Writing the Boing Boing data – without stopping to ask permission

The tags on the object above were put there by the Fluidinfo user named That user controls those tags, and has given the rest of us read permission. But no-one owns the Fluidinfo object that the tags are on. As a result, anyone with a Fluidinfo account (sign up here) can add any information to the exact same object.

To give a very simple example, suppose someone wrote a simple browser extension (or extensions) that let Boing Boing readers mark stories as being funny or not suitable for work. Two users, Alice and Bob, might then put alice/funny and bob/nsfw tags onto the above object. Assuming I had read permission on those tags, I could then find Boing Boing articles by Cory Doctorow that Alice enjoyed and Bob found too risqué for work. Someone else could write a browser extension that popped up a warning about NSFW content based on Bob’s tag. In fact, take a proper look at the object above, you’ll see that I have added a terrycojones/nsfw tag to it (terrycojones is my username in Fluidinfo).

That’s customization and personalization – in our hands. It’s adding data to the exact same objects that Boing Boing created, combining their data and ours as we please, and all without stopping to ask permission or requiring that a database administrator or programmer anticipate our idiosyncratic needs. Boing Boing and any applications they create, may not be aware of, care about, or even be able to detect the new data (depending on permissions).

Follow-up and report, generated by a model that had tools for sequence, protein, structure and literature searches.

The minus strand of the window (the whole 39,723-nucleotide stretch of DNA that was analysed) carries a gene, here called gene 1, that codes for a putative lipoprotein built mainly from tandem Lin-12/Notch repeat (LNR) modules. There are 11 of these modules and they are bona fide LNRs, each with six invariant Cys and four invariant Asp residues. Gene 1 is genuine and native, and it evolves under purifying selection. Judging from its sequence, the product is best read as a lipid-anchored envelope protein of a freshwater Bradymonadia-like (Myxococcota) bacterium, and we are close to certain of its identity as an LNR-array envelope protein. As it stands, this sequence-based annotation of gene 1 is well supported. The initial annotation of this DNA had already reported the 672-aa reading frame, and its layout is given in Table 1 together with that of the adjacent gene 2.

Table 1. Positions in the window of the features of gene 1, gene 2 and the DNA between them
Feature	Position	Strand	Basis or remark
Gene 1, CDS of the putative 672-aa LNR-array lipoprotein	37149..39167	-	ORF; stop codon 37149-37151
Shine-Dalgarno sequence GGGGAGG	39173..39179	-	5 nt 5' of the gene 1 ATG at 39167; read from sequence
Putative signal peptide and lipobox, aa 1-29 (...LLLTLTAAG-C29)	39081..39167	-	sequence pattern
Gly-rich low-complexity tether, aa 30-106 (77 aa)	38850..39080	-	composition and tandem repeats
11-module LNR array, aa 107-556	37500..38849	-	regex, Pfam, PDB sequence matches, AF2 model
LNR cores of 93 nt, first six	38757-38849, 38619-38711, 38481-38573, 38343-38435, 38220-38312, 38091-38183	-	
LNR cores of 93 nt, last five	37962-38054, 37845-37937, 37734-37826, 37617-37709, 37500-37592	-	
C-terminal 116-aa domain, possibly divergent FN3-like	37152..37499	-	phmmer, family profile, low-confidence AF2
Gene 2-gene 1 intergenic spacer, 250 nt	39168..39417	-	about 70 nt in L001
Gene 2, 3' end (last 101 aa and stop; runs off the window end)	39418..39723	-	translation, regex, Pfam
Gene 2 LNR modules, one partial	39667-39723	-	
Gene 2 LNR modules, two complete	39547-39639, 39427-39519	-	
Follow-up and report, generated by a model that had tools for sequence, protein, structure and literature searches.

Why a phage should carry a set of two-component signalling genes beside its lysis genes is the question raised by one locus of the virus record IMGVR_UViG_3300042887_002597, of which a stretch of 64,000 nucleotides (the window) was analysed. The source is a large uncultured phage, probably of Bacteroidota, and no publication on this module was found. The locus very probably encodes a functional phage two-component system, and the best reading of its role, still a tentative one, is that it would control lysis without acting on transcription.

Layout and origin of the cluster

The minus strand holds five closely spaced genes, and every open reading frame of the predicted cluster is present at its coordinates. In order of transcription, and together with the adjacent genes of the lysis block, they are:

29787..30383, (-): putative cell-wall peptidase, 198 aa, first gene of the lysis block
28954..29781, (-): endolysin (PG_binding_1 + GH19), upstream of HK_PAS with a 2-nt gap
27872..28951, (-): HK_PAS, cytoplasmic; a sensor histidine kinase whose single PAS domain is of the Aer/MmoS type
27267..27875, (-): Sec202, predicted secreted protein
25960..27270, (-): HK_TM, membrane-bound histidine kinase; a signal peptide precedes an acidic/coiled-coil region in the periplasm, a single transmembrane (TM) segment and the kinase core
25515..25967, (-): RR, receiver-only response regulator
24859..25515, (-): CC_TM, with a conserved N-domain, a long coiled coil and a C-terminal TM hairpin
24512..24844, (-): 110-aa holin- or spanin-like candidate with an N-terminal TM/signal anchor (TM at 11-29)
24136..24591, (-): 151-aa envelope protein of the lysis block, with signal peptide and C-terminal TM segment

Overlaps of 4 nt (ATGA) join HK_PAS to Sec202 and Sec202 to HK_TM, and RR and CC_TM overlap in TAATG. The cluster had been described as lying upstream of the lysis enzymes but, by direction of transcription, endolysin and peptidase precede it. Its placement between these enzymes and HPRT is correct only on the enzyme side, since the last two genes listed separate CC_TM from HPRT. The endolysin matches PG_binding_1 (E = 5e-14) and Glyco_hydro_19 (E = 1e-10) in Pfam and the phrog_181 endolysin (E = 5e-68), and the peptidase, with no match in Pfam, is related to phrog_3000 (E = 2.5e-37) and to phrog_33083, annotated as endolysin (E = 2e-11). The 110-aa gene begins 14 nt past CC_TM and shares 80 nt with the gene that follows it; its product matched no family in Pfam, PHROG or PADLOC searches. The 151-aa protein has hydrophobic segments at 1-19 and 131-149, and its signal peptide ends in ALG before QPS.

In other words, we can say that Boing Boing has a writable API, because other people and other applications are always free to add information to the same objects that the Boing Boing API is providing access to. The same applies to any application or API that uses Fluidinfo. A writable API opens the door onto a very different world, allowing unlimited possibilities for mash-ups, new applications, extensions, widgets, etc. It allows arbitrary customization and personalization. Fluidinfo acts like a universal metadata engine, providing guaranteed write access to anything, with a permissions system at the level of the tag, not the object.

We’ll give another example of a simple but fun writable API tomorrow. Next week we’ll release a much more substantial one at the LAUNCH conference in San Francisco. We’re really excited about it, and have a series of not-to-be-missed upcoming blog posts on what we’ve been up to.

Stay tuned!